January 24, 2019

Conduit country the Netherlands in the spotlight

The Netherlands is an important link in the chain of diverting income flows: broader use of withholding taxes is necessary to combat international tax avoidance

Press release
Sixty percent of the royalties that flow via the Netherlands go directly to tax haven Bermuda. Outgoing interest flows are diverted less often to tax havens: around 20 percent. In addition, some 25% of the outgoing interest flows to other conduit countries, such as Ireland, Luxemburg and Switzerland. In addition, a large share of dividends comes from these countries. The conditional withholding tax, planned for 2021, does not stop the financial flows from and to other conduit countries. The reason for this is that the conditional withholding tax only applies to countries with a statutory rate of the corporate income tax of 9 percent or less. That does not include Ireland, Luxemburg and Switzerland.
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To include these countries under the withholding tax, a broader application is needed. This can be done with a withholding tax that is conditional on the tax that is actually paid in the direct destination country. For the effective combating of tax avoidance, international coordination of tax legislation remains necessary, because the Netherlands is only one link in a complex, financial chain.

Via the Netherlands


Suzanne van Gils
Dick Morks

The Netherlands is a conduit country. The value of participations, loans and intellectual property rights of Dutch Special Purpose Entities (SPEs) add up to 4200 billion euro in 2016. The SPEs are the international link between subsidiaries of Multi National Enterprises (MNEs), in countries of origin and destination. These SPEs record dividends, interest and royalties flowing through the Netherlands amounting up to 200 billion euro yearly.

Tax havens are an important destination for royalties, with a share of about 60% in the outgoing flows. This involves especially Bermuda. For outgoing interest, the share of tax havens is smaller, varying from 20% to 45%, depending on the chosen definition of tax havens. The broader definition also contains conduit countries like Ireland, Luxemburg and Switzerland. For incoming dividends, the share of tax havens varies between 5% and 35%. For interest and dividends, the share of conduits is substantial, as origin and as destination, in the range of 20% to 30%. This demonstrates that the diversion of financial flows is complex, involving several conduits and often also tax havens at the start or end of the route; the Netherlands is but one link in the chain.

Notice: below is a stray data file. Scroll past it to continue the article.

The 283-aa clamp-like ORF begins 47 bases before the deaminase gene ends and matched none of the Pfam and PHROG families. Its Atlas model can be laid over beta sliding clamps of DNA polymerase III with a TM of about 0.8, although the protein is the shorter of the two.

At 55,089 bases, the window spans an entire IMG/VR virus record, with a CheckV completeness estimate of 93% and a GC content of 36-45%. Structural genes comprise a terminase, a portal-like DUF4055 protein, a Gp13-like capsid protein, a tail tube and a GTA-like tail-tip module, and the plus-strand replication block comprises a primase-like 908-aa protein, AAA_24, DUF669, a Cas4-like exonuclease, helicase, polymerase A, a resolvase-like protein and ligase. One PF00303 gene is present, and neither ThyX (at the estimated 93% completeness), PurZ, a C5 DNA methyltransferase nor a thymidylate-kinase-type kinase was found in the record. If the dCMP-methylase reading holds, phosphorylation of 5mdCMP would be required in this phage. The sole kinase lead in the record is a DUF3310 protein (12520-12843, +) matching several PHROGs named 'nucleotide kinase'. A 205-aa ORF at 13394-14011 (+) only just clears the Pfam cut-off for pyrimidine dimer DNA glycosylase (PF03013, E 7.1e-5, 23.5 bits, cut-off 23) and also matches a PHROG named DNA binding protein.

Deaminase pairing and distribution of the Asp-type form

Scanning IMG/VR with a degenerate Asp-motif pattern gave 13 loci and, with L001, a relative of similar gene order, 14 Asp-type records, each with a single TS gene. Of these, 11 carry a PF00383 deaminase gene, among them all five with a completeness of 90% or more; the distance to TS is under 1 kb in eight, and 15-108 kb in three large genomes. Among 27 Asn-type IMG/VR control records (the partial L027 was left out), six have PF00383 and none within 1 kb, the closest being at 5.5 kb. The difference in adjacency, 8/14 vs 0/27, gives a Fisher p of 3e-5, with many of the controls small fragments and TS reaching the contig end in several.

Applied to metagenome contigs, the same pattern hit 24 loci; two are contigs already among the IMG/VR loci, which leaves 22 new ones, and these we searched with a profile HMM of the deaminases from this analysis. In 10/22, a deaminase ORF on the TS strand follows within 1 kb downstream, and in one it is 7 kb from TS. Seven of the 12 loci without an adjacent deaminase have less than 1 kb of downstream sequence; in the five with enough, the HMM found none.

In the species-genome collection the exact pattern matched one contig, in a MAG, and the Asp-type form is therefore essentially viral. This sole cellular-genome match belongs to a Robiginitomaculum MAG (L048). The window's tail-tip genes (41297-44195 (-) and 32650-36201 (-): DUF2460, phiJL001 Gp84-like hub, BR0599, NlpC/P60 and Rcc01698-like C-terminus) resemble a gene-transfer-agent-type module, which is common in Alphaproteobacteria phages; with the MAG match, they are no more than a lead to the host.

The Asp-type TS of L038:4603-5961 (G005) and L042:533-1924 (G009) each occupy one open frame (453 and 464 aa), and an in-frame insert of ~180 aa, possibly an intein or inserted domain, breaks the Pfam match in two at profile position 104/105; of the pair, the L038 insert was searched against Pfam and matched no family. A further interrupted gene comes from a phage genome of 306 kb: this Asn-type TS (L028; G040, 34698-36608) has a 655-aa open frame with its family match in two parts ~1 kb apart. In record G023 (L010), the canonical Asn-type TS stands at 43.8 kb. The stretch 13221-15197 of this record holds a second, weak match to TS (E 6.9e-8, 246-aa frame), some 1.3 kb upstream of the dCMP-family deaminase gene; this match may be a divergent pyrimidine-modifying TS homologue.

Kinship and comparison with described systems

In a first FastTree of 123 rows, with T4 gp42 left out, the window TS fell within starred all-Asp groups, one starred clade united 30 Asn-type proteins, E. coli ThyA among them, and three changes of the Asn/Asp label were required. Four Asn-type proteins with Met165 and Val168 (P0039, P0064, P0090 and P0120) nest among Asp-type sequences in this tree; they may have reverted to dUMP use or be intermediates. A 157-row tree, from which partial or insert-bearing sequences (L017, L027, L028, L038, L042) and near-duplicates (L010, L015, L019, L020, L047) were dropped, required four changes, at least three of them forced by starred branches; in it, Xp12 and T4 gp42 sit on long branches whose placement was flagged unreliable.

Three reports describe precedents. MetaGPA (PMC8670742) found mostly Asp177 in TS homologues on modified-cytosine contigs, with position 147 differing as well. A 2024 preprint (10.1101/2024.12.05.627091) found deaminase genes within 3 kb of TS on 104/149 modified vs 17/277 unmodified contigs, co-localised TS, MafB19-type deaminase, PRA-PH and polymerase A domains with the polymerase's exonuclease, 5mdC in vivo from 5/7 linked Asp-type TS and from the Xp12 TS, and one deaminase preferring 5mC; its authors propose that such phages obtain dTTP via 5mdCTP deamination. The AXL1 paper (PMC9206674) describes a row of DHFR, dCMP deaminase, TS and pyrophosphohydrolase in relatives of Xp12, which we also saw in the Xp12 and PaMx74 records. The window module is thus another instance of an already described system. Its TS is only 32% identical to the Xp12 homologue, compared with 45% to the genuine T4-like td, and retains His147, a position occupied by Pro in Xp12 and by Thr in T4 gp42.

Since the Netherlands does not, up until now, levy a withholding tax on royalties, the tax savings MNEs can make with a Dutch SPE are substantial. The planned withholding tax on flows to low tax jurisdictions from 2021 will eliminate this tax avoidance via the Netherlands.

We cannot find, based on statutory rates of the corporate income and withholding taxes, substantial tax savings for interest and dividends. However, the conduit countries involved, do not have low statutory tax rates, but the income flows will often not be taxed, or not effectively, because the income is channelled to other countries. The direct destination is often found not to be the residence of the MNE. This applies in particular to American MNEs, which form about one third of the ultimate beneficial owners. 

A conditional withholding tax based on the effective tax rates of the direct destination countries, instead of being based on statutory tax rates, will be more effective in combatting tax avoidance via the Netherlands. Moreover, the complexity of the routes emphasizes the necessity of international coordination of tax legislation.